Jack Utsick, Founder Of Worldwide Entertainment, Dead At 80

Alicia Keys Diary Tour Wrap Party
Alicia Keys and producer Jack Utsick attend the wrap party for Keys’ “Diary Tour” at Blvd April 21, 2005, in New York City. (Photo by Frank Micelotta / Getty Images)

John Paul “Jack” Utsick, whose Worldwide Entertainment Group emerged to quickly become one of the top concert promoters in the world, died June 8 of cancer, surrounded by his family and bringing to an end a colorful life and career. He was 80.

Utsick rose to prominence as a concert promoter from humble beginnings in the 1980s, when he began promoting shows in his then-hometown of Portland, Maine, in addition to working for TWA as a commercial airline pilot after a stint in the United States Air National Guard.

While at TWA, he was sent to Jeddah, Saudi Arabia, by contract to Saudi Arabia Airlines, and remained in Saudi Arabia for seven years. He was “honored to fly for King Khalid” and the Saudi royal family, according to Utsick’s family.

Having always loved music, being in a high school band with original Wings drummer Denny Seiwell, Utsick got the idea to promote concerts after attending a Crosby, Stills & Young show, according to his daughters Tanya and Scarlett.

Over time, he successfully competed against more well-established promoters in the region, and by 1997 had rounded up a pool of investors to establish Worldwide Entertainment Group. Pollstar Year-End Worldwide Promoter Charts show WE first appeared among top promoters in 2001, when the company was ranked No. 6 with 1,233,248 tickets sold.

As the world emerged from the Great Recession of the late 1990s, ticket sales increased across the board, and WE was no exception. By 2004, Wordwide Entertainment finished at No. 4 with 2,401,533 tickets sold as reported to Pollstar. Among the artists he promoted in 2004 were Juanes, Blondie, Trans Siberian Orchestra, Steve Earle, Paul Weller and Journey, among many others.

Over his career, Utsick promoted artists including Fleetwood Mac, Jackson Browne, Gordon Lightfoot, Johnny Cash, Steve Martin, Rodney Dangerfield, Ted Nugent, Heart, The Rolling Stones, Bee Gees, Rod Stewart, Aerosmith, Eagles, Cream, Tina Turner, Aerosmith, David Bowe, Elton John, Britney Spears, Janet Jackson, The Moody Blues, Carmina Burana, Eric Clapton, REO Speedwagon, The Three Tenors, and many more.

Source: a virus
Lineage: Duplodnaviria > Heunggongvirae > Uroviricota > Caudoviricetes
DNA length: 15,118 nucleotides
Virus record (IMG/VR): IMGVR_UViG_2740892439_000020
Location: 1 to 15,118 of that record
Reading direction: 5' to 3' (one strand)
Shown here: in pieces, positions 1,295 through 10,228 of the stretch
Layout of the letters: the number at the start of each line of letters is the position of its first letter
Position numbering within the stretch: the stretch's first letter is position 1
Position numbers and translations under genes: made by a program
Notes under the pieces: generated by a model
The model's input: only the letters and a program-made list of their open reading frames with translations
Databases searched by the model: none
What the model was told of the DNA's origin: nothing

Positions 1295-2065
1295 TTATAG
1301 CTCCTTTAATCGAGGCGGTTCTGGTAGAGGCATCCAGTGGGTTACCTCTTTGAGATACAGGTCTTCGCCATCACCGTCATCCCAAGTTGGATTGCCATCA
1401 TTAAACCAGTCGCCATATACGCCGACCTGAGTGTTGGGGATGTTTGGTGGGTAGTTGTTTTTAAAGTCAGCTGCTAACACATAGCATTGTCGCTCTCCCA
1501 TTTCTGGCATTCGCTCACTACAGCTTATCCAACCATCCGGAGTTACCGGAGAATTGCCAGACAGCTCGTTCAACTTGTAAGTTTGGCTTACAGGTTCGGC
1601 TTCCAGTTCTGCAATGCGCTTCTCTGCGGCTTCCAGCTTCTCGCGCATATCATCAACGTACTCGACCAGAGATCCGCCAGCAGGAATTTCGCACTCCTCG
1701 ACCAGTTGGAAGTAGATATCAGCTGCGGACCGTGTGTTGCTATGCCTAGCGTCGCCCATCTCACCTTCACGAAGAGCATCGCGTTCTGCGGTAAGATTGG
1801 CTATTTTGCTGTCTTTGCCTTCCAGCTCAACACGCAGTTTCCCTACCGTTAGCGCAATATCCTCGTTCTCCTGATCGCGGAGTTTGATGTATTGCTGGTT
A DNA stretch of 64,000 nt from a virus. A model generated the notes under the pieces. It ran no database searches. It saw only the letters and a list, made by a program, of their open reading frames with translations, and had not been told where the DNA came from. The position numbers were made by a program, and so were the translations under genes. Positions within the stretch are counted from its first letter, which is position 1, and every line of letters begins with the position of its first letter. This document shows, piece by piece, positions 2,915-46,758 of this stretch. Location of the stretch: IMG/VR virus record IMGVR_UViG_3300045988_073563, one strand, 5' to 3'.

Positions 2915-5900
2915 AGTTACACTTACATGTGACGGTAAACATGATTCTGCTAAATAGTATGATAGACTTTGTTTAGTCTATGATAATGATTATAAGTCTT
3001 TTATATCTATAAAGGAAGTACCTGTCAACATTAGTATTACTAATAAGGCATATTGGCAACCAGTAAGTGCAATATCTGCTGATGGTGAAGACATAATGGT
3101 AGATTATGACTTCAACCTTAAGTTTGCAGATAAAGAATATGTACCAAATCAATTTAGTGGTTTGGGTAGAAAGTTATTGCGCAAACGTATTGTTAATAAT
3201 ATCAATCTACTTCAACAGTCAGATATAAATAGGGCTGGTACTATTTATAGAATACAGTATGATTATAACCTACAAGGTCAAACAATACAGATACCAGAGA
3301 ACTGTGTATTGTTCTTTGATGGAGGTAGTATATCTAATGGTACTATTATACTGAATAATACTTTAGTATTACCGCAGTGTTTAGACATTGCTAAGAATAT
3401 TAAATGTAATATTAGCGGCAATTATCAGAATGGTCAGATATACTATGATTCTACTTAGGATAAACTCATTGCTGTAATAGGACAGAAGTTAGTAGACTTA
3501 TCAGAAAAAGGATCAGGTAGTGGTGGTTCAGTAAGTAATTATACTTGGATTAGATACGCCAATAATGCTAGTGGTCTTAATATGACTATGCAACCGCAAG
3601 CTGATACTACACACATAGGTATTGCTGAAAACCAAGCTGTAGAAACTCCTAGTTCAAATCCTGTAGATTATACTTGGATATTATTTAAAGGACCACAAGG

He also formed business relationships around the world, making partnerships and acquiring interests in international venues including Germany’s Wuhlheide Amphitheatre and Vector Arena in New Zealand, among others. His efforts extended beyond live music, including a Hollywood role as a producer of a Paris Hilton film, “Pledge This.”

By 2005, the last full year Utsick actively promoted concerts, he was again one of the world’s top-grossing promoters, moving 2,289,991 tickets, competing with such companies as Clear Channel Entertainment/Live Nation, AEG Live and House of Blues Entertainment. He promoted more than 2,000 concerts, appearing in Pollstar Boxoffice records from 1999-2006

Ultimately, Utsick and two of his partners would be accused in 2006 by the Securities and Exchange Commission of financial improprieties including the sale of unregistered securities and agreed to a settlement that included the repayment of more than $300 million to his investors. The bitter legal battle lasted more than a decade.

Despite his legal difficulties, Utsick’s defenders remained loyal. “He always came through, he’s an honorable guy, a straight shooter,” Jim Camacho, of Florida band The Game, told the Miami Herald in 2006. “He’s definitely a dreamer. He thinks big, and he goes for it. His dream was to take a band to the top.”

“Jack’s heart and soul became part of building an empire from the ground up and eventually being [one of the largest concert promoters] in the world,” Utsick’s family said in a statement. “He was known simply as ‘Jack.’ Everyone knew him for his kindness. … May he now rest in peace and be remembered for all the wonderful things he did in his life on earth …”